Treading an uneasy path

by December 27, 2019 0 comments

With international funding slowing down and domestic fundraising taking off strongly, local NGOs have to up their game to win hearts and minds

In the past decade, reliance on foreign funding for NGOs has been inconsistent and is on a slowdown. According to a recent report, there has been a decline of 40 per cent in foreign funds for NGOs over the past five years. Add the recent clampdown by the Government, which resulted in around 1,800 NGOs in the country being banned from accepting foreign funds for allegedly violating norms of the Foreign Contribution Regulation Act (FCRA). This has necessitated the need for local organisations to look for new ways to raise funds so as to support the causes they champion.

As has been seen, most community-based organisations working at the State level and rooted in local settings are less financially stable. Limited legal and financial knowledge, coupled with a lack of mentoring, make it even more difficult for them to survive or grow. Self sustainability itself becomes a big question for them. Thanks to the push from the Centre, funding under Corporate Social Responsibility (CSR) is maturing, which has seen a growth of 12 per cent in recent times.

The two per cent CSR mandate, which requires companies to spend at least two per cent of their average net profits made in the preceding three years on CSR, has led to an upsurge in corporate donations. Grants by individual philanthropists have also seen an upward growth in recent years. They have ensured that the role of private funding continues to grow despite slowing foreign fund inflows.

With foreign funds shrinking and corporate and individual sources of funding slowly increasing, NGOs need to rework their programme design strategy and financing approach. In such a scenario, diversification is the key. There is a need to have a healthy mix of long and short-term funding. Civil society organisations need to shift focus to CSR donations, local donors as well as internally generated resources by events and fundraisers among others. The challenge here arises that most NGOs lack proficiency in understanding donor processes before they want to invest and also after grants have been made. Understanding of compliance processes that professional donors expect is also lacking in NGOs. There is a need to impart basic know-how of dealing with funds to such community-level organisations.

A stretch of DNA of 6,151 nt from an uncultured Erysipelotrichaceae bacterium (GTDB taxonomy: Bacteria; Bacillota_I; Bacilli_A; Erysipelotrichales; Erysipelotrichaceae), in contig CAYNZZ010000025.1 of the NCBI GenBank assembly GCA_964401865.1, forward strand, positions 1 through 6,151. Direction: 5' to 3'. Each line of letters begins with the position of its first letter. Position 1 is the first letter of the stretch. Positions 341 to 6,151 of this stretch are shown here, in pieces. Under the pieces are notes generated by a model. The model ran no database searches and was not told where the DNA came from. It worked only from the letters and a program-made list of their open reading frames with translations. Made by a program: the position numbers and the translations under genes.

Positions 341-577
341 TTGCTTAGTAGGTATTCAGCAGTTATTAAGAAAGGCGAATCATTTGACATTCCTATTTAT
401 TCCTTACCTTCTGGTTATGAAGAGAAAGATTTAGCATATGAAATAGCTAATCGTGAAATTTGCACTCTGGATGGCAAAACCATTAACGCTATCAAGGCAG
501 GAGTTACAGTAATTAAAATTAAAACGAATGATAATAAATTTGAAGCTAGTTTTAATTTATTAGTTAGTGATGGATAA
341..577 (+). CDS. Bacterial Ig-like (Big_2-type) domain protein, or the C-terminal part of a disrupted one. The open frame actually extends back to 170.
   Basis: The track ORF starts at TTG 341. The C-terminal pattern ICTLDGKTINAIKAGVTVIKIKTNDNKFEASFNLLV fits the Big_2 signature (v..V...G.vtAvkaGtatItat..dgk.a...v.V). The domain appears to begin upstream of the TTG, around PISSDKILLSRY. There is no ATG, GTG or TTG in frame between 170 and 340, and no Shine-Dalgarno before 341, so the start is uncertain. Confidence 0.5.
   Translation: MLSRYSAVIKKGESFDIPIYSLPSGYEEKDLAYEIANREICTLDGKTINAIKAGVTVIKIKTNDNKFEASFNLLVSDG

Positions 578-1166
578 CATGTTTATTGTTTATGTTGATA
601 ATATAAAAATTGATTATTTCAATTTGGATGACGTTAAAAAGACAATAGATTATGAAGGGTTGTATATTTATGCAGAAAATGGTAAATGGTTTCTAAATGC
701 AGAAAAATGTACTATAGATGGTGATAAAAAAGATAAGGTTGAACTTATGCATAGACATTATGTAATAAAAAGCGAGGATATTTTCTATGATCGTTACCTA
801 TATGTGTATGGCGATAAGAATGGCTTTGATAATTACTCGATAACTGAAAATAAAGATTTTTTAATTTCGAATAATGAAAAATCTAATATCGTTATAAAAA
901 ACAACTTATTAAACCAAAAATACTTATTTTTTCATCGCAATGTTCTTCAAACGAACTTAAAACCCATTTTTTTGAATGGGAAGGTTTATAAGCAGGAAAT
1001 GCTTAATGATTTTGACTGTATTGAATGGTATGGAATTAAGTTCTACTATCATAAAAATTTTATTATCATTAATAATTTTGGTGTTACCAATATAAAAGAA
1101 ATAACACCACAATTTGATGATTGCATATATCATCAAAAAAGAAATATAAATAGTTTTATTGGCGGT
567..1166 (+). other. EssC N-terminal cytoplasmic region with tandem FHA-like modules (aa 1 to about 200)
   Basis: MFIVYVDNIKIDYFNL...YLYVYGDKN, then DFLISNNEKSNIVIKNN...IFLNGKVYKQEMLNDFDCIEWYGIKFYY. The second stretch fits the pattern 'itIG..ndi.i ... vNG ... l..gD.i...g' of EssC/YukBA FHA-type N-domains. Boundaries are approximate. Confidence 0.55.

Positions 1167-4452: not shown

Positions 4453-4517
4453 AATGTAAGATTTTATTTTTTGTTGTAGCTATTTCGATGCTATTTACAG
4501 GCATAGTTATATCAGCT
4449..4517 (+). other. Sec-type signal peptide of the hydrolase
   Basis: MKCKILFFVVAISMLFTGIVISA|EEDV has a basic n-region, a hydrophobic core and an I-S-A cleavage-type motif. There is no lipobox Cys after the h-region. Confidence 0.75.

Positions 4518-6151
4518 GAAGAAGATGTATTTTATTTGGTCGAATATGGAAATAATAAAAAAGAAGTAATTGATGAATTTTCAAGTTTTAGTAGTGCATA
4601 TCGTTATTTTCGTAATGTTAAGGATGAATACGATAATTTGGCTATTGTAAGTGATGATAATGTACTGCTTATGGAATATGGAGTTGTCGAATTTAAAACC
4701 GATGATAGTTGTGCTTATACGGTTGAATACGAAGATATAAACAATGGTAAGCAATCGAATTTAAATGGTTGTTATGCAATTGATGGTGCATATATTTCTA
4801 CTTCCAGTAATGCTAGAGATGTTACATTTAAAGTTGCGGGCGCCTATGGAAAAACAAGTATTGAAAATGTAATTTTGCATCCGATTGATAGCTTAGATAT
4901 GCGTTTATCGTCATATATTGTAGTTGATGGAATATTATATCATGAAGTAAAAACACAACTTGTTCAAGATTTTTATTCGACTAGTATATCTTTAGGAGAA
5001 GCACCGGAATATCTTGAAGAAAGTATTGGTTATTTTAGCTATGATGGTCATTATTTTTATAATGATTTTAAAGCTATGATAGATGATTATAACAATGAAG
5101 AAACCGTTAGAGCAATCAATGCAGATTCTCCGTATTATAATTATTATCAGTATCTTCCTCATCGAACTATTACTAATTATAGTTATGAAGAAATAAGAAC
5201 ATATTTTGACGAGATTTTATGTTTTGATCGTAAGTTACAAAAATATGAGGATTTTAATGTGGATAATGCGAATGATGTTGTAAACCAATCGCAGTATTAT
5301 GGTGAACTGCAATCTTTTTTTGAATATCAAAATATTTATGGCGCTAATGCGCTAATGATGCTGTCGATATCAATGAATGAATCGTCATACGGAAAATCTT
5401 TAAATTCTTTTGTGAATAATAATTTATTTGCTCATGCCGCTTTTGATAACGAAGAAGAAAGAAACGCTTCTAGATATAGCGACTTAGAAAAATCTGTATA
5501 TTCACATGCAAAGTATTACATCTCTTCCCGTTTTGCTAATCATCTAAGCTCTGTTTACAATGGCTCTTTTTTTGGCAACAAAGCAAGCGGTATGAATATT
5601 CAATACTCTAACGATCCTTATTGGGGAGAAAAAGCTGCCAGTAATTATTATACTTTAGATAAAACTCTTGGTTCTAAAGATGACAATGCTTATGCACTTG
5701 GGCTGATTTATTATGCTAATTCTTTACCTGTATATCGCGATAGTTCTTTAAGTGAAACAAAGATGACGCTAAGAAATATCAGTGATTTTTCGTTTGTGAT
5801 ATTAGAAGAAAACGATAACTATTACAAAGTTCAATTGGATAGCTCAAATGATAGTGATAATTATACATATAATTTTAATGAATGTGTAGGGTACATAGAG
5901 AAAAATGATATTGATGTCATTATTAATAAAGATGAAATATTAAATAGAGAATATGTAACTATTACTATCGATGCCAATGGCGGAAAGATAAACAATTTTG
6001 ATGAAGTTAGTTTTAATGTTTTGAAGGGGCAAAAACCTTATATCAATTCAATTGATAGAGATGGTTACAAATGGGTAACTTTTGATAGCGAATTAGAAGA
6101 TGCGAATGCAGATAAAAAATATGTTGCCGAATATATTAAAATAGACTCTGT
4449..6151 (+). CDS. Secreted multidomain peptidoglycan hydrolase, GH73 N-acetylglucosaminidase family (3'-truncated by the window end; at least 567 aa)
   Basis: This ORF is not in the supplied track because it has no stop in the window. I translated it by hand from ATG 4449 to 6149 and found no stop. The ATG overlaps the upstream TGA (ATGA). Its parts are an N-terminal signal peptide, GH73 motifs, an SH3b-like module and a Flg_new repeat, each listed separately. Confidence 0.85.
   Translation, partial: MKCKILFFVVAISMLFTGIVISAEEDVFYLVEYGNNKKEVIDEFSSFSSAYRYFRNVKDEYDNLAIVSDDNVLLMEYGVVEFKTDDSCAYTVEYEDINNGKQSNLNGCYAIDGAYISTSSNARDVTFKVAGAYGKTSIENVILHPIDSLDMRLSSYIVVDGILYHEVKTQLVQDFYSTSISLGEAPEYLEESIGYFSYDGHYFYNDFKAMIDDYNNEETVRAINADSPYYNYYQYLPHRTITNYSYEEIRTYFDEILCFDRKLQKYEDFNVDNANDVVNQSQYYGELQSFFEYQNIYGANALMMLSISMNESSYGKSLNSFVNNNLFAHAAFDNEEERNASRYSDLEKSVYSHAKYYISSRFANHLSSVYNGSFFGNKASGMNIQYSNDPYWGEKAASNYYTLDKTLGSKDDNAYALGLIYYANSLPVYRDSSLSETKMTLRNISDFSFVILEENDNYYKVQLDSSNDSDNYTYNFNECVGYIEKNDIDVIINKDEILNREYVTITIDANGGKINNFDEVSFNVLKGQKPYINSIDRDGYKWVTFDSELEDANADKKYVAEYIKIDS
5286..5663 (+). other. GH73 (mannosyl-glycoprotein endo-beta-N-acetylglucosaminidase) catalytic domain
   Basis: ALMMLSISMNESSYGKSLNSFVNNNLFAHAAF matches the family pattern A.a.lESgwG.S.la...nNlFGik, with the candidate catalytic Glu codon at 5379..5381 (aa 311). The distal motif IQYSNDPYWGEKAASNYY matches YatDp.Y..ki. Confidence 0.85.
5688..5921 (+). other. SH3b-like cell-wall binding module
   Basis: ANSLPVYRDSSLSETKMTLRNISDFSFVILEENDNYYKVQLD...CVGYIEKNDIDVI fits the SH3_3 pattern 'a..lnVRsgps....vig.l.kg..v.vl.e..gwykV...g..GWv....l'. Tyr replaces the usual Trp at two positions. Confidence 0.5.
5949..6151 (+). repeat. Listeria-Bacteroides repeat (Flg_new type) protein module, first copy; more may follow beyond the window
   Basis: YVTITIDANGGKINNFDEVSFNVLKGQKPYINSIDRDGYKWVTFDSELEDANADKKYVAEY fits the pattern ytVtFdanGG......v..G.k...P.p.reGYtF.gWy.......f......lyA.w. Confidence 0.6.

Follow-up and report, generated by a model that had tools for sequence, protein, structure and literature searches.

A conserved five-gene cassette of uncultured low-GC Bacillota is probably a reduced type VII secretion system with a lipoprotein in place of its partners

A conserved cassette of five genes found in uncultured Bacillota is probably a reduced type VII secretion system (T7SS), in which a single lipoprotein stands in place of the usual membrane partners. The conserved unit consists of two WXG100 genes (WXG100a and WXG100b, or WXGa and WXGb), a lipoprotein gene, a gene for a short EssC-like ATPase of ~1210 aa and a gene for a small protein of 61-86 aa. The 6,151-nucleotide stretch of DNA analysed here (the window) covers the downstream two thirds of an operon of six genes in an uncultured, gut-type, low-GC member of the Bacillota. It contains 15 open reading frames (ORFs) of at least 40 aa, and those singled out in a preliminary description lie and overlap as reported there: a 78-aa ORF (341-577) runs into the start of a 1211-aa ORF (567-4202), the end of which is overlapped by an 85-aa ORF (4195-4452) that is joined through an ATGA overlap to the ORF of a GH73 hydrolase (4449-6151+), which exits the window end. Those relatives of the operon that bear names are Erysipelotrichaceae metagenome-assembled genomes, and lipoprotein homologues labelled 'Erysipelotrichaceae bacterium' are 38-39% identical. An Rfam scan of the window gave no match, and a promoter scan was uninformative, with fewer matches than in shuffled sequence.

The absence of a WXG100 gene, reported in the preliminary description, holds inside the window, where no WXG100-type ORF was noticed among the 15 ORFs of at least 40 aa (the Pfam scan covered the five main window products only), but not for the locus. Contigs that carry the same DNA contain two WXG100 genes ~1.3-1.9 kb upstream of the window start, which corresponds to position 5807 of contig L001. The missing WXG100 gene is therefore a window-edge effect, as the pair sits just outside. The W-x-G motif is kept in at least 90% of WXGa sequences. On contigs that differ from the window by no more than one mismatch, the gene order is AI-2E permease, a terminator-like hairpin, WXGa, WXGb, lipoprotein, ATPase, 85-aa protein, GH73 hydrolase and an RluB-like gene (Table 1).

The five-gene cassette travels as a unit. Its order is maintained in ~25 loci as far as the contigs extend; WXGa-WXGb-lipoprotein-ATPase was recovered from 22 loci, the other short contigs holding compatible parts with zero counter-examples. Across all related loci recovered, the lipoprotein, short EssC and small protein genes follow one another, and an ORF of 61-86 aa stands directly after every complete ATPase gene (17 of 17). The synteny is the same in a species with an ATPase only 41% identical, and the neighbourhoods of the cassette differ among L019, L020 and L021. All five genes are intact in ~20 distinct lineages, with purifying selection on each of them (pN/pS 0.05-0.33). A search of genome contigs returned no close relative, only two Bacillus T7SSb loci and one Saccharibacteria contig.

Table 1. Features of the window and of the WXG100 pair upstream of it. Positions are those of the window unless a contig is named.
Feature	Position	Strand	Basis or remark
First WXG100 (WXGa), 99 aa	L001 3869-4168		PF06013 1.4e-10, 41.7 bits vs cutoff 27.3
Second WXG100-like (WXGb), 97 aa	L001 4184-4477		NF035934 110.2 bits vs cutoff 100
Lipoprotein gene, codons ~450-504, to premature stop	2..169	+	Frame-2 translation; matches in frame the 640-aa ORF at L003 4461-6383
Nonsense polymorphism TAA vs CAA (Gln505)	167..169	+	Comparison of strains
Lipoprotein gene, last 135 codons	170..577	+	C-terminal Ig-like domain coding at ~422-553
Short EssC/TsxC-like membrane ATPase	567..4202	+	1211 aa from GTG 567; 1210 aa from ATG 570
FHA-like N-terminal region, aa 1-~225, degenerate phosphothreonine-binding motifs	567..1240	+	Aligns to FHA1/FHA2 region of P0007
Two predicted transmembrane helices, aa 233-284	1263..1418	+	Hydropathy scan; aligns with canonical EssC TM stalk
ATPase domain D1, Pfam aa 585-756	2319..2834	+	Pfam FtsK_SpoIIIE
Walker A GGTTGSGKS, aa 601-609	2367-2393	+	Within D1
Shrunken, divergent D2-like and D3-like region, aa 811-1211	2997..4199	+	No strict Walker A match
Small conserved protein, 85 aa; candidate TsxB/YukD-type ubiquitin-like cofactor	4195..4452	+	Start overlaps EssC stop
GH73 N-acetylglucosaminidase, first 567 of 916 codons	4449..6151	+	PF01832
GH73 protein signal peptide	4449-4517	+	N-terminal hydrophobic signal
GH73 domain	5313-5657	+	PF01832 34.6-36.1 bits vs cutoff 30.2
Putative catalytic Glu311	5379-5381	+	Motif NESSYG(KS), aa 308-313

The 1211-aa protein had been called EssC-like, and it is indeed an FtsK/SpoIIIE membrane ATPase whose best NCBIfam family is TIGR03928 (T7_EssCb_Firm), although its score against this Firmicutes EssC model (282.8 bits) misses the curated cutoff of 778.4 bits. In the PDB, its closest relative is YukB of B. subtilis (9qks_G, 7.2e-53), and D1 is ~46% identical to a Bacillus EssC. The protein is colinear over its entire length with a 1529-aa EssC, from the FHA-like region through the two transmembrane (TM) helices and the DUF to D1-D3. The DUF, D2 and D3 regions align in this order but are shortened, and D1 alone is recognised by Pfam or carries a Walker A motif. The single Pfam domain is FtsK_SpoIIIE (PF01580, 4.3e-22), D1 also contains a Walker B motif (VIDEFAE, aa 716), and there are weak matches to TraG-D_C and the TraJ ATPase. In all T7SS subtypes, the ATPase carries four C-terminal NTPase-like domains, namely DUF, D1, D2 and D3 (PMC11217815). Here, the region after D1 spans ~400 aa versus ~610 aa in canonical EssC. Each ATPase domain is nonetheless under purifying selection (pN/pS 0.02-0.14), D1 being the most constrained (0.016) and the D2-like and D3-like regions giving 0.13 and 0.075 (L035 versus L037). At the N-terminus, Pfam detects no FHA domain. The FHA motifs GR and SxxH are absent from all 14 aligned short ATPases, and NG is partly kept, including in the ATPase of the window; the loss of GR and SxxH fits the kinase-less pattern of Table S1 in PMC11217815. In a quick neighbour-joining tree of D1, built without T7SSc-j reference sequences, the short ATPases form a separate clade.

Not only that, a local NGO has to enable cross-functioning system to work in tandem with its operational goals. Standard departments like administration, communication, finance and human resources need to be aligned with unique divisions like fundraising, institutional fundraising, grant seeking and management. All of this combined can be fairly overwhelming for an organisation that is driven by a single objective to bring change at the community level. The challenges of integration and servicing only mature as smaller NGOs grow in scale. With a one-line focus on working towards “civic driven change”, they seldom ignore the administrative functions. This not only hinders their day-to-day operations but results in major blowbacks, like cancelling of licenses or restriction on foreign funding as we have seen.

An effective solution to these challenges lies in sharing best practices by larger civil society organisations with their local counterparts. Although there is no data to exactly support the trend, the last few years have seen several large NGOs expanding their reach by working with smaller CBOs and partners. These agreements are a model example and support the growth of civil society as a whole through knowledge sharing and community development at the ground level. They also enable dialogue across a wide spectrum of issues, further enhancing the effectiveness of such organisations.

A blended-learning approach, which includes a combination of online and classroom learning, is one way to inculcate change in operational behaviour. Though very few institutes provide such courses, the ones that do, focus on alleviating the dependency on foreign funding and channel the responsibility to reduce poverty to where it ultimately belongs, the countries themselves.

Workshops aimed at knowledge sharing and best practices are also very useful. These workshops help the civil society to rethink their business models, think strategically about its financial models and adopt new and innovative approaches that will help the sector maintain its independence and still be sustainable. The idea exchanges that happen through the workshops empower the smaller units with long-term and short-term fundraising goals.

The legislative environment and policies related to the economic downturn in the top-tier funding countries and changing donor priorities have made dependence on foreign funding a very tricky option. Financial sustainability is about diversifying financial resources in order to have a healthy mix of long and short-term funding, CSR donations, foreign and local donors as well as internally generated resources by events and fundraisers.

(Writer: Santanu Mishra; Courtesy: The Pioneer)

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